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Hit by huge loss, Fannie Mae seeks more federal aid
Mortgage giant expects further losses and continued need for help

By Zachary A. Goldfarb
Friday, November 6, 2009

Fannie Mae, the federally controlled mortgage finance giant, said Thursday it lost $19 billion in the third quarter and had submitted a request to the Treasury Department for $15 billion in more aid to stay afloat.

District-based Fannie Mae and its McLean sibling, Freddie Mac, were seized in early September 2008 by the federal government. Since then, Fannie Mae has lost $111 billion. The $15 billion in aid it has requested comes on top of $45 billion it already received. Freddie Mac has received $51 billion in aid.

In total, the seizure of Fannie Mae and Freddie Mac has cost taxpayers $121 billion, among the costliest of the government's interventions to stabilize the financial markets.

Fannie Mae said its losses and its need for additional government aid are both likely to continue. And it said activities it was undertaking at the behest of the Treasury Department, such as modifying mortgages to help homeowners avoid foreclosure, were magnifying its losses.

Separately from its earnings announcement, Fannie Mae also unveiled a program to help homeowners facing foreclosure. Under the Deed for Lease Program, the homeowners would transfer ownership to the lender, but could stay in the home for a period of time by leasing the home and paying rent, which is often lower than a mortgage payment.

In its earnings statement, Fannie Mae said its assistance to struggling homeowners "could adversely affect our economic returns, possibly significantly." The company said it may buy home loans that pose a greater risk of default, reduce fees, refrain from foreclosing on seriously delinquent loans or lower interest rates on mortgages.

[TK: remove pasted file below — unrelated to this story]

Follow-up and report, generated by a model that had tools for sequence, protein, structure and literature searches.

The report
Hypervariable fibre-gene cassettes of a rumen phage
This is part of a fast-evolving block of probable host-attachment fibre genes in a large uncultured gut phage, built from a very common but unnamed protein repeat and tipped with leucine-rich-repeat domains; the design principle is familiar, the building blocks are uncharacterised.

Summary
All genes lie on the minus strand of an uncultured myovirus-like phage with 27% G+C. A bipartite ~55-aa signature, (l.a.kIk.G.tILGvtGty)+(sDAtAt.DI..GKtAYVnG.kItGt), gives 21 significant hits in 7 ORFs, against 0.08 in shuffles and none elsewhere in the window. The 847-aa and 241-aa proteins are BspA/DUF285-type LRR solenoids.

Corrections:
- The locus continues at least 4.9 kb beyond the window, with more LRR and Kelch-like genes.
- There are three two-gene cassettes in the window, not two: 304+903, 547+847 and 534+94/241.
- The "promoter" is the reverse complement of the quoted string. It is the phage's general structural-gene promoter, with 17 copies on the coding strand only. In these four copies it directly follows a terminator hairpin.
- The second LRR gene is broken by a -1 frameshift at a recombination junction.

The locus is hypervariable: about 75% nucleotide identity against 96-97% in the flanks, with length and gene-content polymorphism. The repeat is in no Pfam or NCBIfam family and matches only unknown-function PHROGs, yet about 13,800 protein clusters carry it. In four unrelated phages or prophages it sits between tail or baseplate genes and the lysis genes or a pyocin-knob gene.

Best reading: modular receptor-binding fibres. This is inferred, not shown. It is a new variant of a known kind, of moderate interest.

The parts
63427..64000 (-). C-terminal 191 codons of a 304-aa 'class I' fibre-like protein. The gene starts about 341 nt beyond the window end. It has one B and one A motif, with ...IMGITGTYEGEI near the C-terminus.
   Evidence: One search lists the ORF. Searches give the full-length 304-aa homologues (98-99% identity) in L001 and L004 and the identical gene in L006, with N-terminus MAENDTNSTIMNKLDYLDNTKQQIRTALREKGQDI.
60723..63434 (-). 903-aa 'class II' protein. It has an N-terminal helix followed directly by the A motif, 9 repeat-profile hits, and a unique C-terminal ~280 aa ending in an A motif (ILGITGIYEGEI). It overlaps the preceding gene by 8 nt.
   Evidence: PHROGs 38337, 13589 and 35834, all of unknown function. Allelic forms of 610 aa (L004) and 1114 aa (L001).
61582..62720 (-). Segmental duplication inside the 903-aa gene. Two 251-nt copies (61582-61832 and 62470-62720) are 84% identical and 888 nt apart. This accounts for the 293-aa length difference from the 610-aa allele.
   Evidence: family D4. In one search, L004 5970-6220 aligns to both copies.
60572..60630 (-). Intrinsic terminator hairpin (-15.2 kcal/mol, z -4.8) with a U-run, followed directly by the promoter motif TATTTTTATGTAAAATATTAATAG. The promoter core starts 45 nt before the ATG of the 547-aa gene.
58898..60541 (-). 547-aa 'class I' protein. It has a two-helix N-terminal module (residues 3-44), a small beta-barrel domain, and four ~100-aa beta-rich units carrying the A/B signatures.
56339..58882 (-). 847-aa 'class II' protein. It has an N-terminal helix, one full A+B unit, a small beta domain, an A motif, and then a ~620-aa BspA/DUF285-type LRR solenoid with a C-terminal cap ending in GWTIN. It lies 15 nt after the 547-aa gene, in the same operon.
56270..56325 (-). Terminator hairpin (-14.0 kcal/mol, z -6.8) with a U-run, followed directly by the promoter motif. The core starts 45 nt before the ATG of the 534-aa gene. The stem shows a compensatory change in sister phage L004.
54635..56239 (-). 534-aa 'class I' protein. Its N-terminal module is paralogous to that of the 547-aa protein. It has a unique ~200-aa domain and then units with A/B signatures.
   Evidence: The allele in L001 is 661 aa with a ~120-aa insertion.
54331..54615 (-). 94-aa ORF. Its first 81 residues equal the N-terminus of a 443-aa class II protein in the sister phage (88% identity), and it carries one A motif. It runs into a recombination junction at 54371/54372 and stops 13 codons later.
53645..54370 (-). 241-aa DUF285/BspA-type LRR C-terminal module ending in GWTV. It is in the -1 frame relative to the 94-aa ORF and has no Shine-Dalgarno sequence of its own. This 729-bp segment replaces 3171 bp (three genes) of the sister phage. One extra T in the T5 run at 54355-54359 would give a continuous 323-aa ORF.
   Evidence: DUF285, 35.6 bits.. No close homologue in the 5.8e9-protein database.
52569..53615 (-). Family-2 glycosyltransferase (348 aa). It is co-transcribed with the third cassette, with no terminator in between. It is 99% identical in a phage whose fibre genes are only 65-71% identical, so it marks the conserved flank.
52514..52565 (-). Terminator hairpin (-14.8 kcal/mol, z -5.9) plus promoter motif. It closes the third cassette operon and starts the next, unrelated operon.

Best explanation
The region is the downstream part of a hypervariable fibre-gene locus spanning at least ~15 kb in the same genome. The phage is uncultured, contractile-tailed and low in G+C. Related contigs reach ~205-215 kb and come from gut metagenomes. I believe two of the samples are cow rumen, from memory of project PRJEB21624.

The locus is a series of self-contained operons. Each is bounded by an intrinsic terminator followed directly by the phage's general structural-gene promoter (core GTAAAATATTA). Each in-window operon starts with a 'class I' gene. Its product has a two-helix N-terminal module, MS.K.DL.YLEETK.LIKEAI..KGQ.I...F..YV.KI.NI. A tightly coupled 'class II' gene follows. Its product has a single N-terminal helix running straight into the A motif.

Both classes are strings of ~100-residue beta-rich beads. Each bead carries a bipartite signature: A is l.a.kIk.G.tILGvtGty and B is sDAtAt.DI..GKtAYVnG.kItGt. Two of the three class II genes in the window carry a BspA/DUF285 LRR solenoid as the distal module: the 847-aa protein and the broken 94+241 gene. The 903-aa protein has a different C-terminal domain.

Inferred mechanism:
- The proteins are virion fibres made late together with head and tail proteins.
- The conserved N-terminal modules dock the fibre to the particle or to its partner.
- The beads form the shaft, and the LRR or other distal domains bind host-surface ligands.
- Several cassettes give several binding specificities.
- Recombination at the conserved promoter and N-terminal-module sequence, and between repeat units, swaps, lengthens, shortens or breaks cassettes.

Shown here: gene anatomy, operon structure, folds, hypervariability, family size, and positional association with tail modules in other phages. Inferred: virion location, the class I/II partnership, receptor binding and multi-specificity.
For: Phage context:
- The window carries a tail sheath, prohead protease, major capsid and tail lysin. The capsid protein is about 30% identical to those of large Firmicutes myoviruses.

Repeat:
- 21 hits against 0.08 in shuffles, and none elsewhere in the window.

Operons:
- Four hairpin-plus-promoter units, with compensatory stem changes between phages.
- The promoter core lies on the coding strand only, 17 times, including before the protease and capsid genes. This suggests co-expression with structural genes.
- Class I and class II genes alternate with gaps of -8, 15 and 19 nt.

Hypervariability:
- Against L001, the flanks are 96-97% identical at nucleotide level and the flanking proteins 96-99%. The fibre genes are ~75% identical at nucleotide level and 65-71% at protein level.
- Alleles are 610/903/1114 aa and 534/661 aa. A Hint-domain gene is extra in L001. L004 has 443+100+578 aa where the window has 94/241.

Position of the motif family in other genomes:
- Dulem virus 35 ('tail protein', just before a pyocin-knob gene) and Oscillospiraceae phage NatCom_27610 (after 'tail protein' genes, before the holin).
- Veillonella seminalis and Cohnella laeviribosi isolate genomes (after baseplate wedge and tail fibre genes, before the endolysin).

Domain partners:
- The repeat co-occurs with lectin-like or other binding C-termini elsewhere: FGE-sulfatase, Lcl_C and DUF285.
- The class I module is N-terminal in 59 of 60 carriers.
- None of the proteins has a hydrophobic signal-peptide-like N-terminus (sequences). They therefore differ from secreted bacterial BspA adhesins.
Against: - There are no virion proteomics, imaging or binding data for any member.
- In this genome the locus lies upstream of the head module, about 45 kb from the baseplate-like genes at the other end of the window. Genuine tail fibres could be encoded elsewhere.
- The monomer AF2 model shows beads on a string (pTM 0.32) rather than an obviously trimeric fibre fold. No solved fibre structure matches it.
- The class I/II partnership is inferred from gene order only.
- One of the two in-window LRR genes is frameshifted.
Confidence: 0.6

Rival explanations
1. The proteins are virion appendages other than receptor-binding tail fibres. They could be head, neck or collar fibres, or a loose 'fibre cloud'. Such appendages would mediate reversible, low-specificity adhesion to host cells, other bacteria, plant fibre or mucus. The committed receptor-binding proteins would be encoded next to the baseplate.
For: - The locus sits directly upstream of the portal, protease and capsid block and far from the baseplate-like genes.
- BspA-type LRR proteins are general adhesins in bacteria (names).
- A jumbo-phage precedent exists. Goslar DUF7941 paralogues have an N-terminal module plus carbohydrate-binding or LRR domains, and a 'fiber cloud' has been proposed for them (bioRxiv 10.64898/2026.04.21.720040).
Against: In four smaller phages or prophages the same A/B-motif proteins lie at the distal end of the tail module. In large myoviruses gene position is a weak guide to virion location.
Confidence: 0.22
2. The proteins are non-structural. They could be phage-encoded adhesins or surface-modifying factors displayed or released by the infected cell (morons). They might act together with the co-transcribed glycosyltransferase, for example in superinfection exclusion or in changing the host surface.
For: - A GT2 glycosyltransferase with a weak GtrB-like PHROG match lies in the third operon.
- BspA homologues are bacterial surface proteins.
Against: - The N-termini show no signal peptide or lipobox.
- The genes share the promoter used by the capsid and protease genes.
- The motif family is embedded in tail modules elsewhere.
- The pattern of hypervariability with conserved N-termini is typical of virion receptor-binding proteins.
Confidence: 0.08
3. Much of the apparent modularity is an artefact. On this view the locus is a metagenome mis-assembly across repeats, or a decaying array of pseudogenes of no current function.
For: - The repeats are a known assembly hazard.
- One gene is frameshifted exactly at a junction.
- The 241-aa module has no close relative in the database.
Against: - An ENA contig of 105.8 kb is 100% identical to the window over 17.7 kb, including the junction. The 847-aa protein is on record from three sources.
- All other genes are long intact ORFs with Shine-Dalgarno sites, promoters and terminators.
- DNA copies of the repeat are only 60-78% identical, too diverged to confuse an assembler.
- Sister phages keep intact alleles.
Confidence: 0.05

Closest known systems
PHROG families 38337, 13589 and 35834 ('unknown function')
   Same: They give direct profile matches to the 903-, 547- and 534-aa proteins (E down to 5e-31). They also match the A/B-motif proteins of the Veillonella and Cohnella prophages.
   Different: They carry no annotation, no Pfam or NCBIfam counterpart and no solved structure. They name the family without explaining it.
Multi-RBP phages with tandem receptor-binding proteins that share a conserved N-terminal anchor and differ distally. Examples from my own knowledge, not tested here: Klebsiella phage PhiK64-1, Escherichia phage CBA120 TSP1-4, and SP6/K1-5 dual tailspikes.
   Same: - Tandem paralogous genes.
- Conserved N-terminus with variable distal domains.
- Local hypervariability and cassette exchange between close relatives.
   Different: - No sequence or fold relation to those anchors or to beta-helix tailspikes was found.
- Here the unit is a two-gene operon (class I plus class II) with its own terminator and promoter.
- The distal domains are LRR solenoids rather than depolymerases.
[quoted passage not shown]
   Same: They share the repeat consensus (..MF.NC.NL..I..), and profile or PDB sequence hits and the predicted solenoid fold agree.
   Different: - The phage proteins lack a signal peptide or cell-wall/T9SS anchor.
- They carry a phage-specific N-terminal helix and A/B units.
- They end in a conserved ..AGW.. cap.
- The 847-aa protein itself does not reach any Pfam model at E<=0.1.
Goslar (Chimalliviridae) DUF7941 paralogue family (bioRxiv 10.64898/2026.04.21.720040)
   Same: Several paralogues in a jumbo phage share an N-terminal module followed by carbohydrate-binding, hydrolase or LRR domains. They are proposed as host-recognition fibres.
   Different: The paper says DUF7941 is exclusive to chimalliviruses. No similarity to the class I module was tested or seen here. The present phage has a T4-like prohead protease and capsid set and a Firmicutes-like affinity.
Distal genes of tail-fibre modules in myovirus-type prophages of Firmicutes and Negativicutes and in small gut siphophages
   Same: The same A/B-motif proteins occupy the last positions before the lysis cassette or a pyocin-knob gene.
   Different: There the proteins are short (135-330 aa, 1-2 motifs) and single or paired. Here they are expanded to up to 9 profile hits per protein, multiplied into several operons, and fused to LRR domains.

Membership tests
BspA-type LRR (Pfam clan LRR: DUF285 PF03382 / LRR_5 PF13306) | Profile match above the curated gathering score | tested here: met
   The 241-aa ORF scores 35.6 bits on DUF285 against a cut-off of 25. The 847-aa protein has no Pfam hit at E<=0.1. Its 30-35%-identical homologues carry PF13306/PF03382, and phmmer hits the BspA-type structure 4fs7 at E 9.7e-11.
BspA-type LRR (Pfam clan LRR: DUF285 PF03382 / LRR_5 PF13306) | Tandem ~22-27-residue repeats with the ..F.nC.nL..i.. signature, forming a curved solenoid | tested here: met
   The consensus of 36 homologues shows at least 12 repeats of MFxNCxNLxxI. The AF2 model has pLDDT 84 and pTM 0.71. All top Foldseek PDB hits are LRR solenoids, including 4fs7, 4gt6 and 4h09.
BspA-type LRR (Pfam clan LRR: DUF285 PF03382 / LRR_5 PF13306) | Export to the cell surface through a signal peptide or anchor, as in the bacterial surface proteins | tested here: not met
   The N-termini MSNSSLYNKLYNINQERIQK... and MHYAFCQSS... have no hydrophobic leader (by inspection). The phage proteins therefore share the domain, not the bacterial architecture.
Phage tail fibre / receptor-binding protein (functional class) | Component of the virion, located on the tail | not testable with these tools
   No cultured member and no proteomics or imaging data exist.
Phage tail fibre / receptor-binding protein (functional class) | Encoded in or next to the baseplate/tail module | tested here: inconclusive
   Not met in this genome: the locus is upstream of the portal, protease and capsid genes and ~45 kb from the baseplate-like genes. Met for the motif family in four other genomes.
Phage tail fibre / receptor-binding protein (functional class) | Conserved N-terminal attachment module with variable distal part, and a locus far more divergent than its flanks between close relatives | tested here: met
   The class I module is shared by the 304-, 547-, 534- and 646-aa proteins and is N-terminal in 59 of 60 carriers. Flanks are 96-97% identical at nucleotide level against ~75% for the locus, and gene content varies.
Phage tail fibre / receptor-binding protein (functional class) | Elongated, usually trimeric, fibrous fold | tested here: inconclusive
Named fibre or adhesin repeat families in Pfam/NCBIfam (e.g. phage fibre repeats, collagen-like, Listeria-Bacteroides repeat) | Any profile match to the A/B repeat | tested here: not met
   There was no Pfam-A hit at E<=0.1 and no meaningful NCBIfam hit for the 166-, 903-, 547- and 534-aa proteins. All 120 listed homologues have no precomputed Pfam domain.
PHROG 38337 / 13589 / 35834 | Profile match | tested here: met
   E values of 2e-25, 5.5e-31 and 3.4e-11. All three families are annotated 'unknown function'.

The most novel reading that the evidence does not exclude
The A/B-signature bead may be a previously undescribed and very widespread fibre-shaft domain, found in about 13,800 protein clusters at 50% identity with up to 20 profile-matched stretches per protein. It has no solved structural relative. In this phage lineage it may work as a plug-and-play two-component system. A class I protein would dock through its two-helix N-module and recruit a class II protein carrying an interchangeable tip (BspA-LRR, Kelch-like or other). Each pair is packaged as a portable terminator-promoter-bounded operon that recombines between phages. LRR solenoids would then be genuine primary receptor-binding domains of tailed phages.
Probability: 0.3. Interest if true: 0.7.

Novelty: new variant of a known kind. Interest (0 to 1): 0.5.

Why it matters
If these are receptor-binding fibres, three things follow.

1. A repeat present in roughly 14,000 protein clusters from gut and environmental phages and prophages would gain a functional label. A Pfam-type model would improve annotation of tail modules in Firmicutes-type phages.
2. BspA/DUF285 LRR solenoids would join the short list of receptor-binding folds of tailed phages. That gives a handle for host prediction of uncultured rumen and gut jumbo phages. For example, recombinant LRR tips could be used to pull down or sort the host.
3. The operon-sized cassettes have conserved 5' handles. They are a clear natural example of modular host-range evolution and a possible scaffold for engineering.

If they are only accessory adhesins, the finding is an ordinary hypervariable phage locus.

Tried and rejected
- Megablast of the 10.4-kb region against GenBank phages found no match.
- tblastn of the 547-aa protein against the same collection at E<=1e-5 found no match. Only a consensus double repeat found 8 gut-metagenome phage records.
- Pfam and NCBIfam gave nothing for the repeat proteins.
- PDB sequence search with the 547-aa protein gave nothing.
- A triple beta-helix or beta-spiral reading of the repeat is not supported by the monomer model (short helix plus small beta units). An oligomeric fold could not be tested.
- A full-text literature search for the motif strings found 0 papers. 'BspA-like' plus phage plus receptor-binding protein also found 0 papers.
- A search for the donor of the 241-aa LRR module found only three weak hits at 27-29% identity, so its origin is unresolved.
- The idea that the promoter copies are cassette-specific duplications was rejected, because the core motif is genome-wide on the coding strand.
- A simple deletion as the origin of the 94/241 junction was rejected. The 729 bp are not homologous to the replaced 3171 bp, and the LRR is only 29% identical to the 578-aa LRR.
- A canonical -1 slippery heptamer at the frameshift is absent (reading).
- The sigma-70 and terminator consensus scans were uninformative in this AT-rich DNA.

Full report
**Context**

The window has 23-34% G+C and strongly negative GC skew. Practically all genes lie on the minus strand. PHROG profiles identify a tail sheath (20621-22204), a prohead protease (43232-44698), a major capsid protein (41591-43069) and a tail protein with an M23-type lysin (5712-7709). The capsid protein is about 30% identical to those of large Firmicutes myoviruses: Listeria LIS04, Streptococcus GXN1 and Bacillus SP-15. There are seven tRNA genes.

Under the Obama administration's Making Home Affordable program, Fannie Mae has a program to modify mortgage terms for struggling borrowers. "If our borrowers participate in this program in large numbers, we expect to incur substantial costs as a result of modifications of loans we own or have securitized. These costs include the incentive fees we will provide our servicers and borrowers and" other losses, the company said.

Fannie Mae's earnings report also shed new light on the growing debate over whether it should be allowed to sell low-income tax credits to Goldman Sachs.

Fannie Mae accumulated the tax credits, which are used to offset federal taxes, under a law meant to encourage firms to invest in affordable housing. The tax credits aren't useful for Fannie Mae, however, because the company isn't making a profit and therefore isn't paying taxes. As a result, the value of the tax credits on Fannie Mae's balance sheet has been declining each quarter.

Goldman Sachs, among other profit-making companies, has expressed interest in buying them. Fannie Mae said it had been approached by a group of investors interested in buying half of its tax credits at a premium. Fannie Mae said that without the sale, the $5.2 billion value of the credit would dive to zero.

Fannie Mae said it wanted to proceed with the deal and that the regulator that oversees all its business decisions, the Federal Housing Finance Agency, concurred. But the Treasury Department, which has a say in the matter because of its investments in Fannie Mae, has balked. For one, it is wary of allowing Goldman Sachs, which has recovered arguably faster than any other firm from the financial crisis and now books large profits, to skimp on federal taxes. For another, an internal Treasury analysis says that any gain for Fannie Mae -- which would be a rare bright spot for its business -- would be offset by losses for taxpayers.

"Treasury's review may encompass tax, fiscal or other considerations beyond FHFA's purview," said Edward DeMarco, acting FHFA director.

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